November 4, 2010

Dutch Delicacies

The Stroopwafel
 

A stroopwafel (English translation: syrup waffle or treacle waffle) is a waffle made from two thin layers of baked batter with a caramel-like syrup filling in the middle.  They were first made in Gouda in the Netherlands, in 1784. Large versions are sold in the streets as a snack.

What is this Gooey Goodness?

The stiff batter for the waffles is made from flour, butter, brown sugar, yeast, milk, and eggs. Medium sized balls of batter are put on the waffle iron. When the waffle is baked, and while it is still warm, it is cut into two halves. The warm filling, made from syrup, brown sugar, butter, and cinnamon, is spread in between the waffle halves, which glues them together.

 
More Super Stroopwafel History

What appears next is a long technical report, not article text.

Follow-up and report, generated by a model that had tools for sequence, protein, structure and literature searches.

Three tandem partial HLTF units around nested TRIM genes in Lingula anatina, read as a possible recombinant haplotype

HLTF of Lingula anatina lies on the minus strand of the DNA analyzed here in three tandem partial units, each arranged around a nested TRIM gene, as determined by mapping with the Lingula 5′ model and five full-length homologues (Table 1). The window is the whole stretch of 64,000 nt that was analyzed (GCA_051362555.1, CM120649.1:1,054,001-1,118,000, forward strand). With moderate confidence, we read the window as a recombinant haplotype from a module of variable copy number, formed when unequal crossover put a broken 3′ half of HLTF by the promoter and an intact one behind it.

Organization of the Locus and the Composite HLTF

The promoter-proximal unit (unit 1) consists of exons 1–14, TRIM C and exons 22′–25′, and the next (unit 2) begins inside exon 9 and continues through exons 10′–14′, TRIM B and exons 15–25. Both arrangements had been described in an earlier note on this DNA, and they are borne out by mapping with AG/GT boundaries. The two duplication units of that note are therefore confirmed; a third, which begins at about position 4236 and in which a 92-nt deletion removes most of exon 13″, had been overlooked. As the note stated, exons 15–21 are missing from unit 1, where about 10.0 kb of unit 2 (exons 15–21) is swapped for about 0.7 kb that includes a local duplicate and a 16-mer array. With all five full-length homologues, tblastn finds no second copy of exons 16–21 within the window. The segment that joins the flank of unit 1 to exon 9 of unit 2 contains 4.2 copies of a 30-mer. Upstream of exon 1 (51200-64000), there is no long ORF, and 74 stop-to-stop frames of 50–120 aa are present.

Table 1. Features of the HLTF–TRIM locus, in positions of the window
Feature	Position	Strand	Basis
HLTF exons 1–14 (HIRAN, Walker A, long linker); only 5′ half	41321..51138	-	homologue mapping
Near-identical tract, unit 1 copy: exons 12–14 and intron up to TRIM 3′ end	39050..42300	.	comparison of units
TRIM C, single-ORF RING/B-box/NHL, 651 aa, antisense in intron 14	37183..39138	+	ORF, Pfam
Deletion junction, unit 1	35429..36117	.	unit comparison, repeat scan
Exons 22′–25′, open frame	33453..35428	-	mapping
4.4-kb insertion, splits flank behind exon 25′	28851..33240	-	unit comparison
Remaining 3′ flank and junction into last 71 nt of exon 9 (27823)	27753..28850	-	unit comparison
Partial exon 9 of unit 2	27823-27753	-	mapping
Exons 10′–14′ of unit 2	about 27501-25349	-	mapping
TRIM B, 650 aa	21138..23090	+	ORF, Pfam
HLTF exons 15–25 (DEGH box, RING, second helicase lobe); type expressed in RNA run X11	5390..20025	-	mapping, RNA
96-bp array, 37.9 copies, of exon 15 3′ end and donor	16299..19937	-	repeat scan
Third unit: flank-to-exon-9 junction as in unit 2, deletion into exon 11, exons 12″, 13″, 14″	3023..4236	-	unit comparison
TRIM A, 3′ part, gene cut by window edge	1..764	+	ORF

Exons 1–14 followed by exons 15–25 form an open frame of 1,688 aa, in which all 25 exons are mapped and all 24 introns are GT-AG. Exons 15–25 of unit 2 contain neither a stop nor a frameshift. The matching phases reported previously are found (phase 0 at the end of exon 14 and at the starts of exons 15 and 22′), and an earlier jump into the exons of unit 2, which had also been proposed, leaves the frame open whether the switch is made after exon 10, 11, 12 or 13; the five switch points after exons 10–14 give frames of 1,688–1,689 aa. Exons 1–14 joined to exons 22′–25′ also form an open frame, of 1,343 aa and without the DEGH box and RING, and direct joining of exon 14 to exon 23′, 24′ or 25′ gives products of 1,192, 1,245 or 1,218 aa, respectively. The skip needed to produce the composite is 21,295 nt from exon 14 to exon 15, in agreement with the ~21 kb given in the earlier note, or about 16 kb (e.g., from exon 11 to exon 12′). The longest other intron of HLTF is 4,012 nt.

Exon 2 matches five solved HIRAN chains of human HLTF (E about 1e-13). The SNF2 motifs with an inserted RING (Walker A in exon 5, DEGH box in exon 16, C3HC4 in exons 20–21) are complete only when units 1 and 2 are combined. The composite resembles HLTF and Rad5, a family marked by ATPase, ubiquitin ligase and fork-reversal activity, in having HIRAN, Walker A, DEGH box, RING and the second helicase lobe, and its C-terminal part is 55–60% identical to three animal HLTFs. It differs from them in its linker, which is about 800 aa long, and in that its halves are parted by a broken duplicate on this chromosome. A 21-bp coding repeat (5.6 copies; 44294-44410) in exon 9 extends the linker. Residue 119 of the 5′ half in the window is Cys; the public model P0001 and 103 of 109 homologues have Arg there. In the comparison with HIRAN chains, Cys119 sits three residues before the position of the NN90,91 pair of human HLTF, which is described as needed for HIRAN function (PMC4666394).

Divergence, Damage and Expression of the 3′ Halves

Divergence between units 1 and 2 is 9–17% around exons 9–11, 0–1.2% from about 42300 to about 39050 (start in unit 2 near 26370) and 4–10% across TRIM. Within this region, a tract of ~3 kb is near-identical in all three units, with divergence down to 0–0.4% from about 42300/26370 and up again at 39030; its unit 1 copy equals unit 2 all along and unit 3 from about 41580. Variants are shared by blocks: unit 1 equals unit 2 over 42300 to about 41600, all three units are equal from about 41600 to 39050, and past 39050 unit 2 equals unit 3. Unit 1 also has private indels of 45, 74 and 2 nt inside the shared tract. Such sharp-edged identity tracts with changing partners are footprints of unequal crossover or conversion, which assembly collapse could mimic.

The stroopwafel originates from Gouda in the Netherlands. It was first made during the late 18th century or early 19th century by a baker using leftovers from the bakery, such as breadcrumbs, which were sweetened with syrup. 

One story ascribes the invention of the stroopwafel to the baker Gerard Kamphuisen, which would date the first stroopwafels somewhere between 1810, the year when he opened his bakery, and 1840, the year of the oldest known recipe for syrup waffles. In the 19th century, there were around 100 syrup waffle bakers in Gouda, which was the only city in which they were made until 1870. After 1870 they were also made at parties and in markets outside the city of Gouda. 


In the 20th century, factories started to make stroopwafels. In 1960 there were 17 factories in Gouda alone, of which four are currently still open.


(Thanks for these fun facts Wikipedia!)
 

1 comments:

Anonymous said...

A very mouth-watering delicacy, mmmm!

Post a Comment